Phoenix nonprofit closing in 2020 has legacy of AIDS/HIV treatment
PHOENIX – The Phoenix Shanti Group, a nonprofit that has been serving HIV-positive patients with a history of drug abuse or homelessness since 1987, will close next year.
Lack of funding played a major factor in the closure, even with new cases of HIV, the virus that causes AIDS, on the rise in Maricopa County.
The center was created at the height of the AIDS epidemic, when the illness was relatively new and misconceptions were common. Cases of a mysterious illness that primarily affected gay men started getting attention in 1981, and by the end of the decade, nearly 90,000 people had died from the illness in the U.S. alone.
The center “was a hospice model at the time, supporting what was essentially a fatal disease,” said Keith Thompson, chief executive of the Shanti Group. “Another big part of the Shanti model at the time was caregiver training.”
That training included the medical aspects of caring for those with AIDS but focused on how to handle their deaths.
As life-saving medications became available over the years, the Shanti Group shifted to meet the needs of patients who still required help but were more likely to survive the disease.
“The only thing we ask of our patients is to be clean,” Thompson said, referring to drug use. “We’ll take care of everything else.”
When the center closes in 2020, more than its therapy and caregiver training programs will be affected.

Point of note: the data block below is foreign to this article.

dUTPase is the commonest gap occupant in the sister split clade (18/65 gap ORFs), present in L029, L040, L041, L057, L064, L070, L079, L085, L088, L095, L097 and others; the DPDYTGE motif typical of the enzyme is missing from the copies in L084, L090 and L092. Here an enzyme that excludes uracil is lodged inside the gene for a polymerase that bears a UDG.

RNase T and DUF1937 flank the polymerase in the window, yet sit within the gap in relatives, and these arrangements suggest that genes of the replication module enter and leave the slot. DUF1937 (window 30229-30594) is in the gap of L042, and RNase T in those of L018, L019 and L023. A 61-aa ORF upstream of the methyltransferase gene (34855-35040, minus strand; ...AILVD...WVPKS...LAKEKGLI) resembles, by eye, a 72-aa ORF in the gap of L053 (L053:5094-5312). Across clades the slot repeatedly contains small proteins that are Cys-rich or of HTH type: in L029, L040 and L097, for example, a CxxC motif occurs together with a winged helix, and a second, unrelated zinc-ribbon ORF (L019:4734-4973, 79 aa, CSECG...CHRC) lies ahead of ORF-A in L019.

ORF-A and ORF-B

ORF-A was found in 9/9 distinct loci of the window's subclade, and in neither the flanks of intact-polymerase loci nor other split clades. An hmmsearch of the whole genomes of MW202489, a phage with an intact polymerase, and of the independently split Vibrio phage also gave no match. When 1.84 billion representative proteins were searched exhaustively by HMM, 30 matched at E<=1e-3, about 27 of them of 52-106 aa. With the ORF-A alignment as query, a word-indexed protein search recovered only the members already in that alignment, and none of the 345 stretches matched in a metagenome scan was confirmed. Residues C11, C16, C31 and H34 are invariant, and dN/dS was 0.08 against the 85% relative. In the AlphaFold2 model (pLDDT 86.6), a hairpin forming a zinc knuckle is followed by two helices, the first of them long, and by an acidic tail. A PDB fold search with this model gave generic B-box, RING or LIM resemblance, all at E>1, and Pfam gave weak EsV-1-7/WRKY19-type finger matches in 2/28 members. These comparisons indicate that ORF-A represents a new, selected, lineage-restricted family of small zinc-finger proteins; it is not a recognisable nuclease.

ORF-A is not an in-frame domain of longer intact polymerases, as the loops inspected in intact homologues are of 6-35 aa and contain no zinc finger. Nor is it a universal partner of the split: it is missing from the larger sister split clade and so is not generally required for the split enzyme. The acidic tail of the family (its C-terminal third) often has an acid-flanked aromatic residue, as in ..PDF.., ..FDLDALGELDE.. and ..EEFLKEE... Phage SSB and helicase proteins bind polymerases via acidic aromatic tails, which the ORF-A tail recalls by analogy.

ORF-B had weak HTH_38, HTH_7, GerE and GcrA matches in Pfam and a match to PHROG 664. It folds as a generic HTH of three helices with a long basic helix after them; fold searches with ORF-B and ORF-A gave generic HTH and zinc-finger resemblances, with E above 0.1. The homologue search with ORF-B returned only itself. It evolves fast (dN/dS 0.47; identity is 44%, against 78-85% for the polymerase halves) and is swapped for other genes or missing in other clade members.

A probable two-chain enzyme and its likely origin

Shanti Group also provides varying levels of housing, ranging from short-term transitional housing to permanent housing for families. Thompson has been working with families and other facilities to ensure that no one is left on the street after the center closes.
Shanti also has a thrift store provides job training for its residents and an income stream for the nonprofit.
It’s not uncommon for those who were patients to become employees once they graduate from Shanti’s programs.
“It’s just this big bubble of love,” said Sherrie Benecke, behavioral health paraprofessional at Shanti Group.
Beneke came to the center after finding out that she was HIV-positive after years of drug use.
“I was in denial at first,” Beneke said. “I knew for nine years, but I was just in denial.”
Beneke added that she feels an added layer of stigma because she is a heterosexual woman with the illness.
After leaving jail, she found herself at Shanti Group, desperate for help. Once she was clean, the center hired her.
Beneke hopes to stay in the field even after the center closes. The group is preparing her with the tools to transition to another behavioral health center.
Thompson hopes people will continue to support groups that help the AIDS community in Phoenix, including the Southwest Center for HIV/AIDS.
“The AIDS epidemic isn’t over. If you supported Shanti Group, continue to support other AIDS organizations,” Thompson said.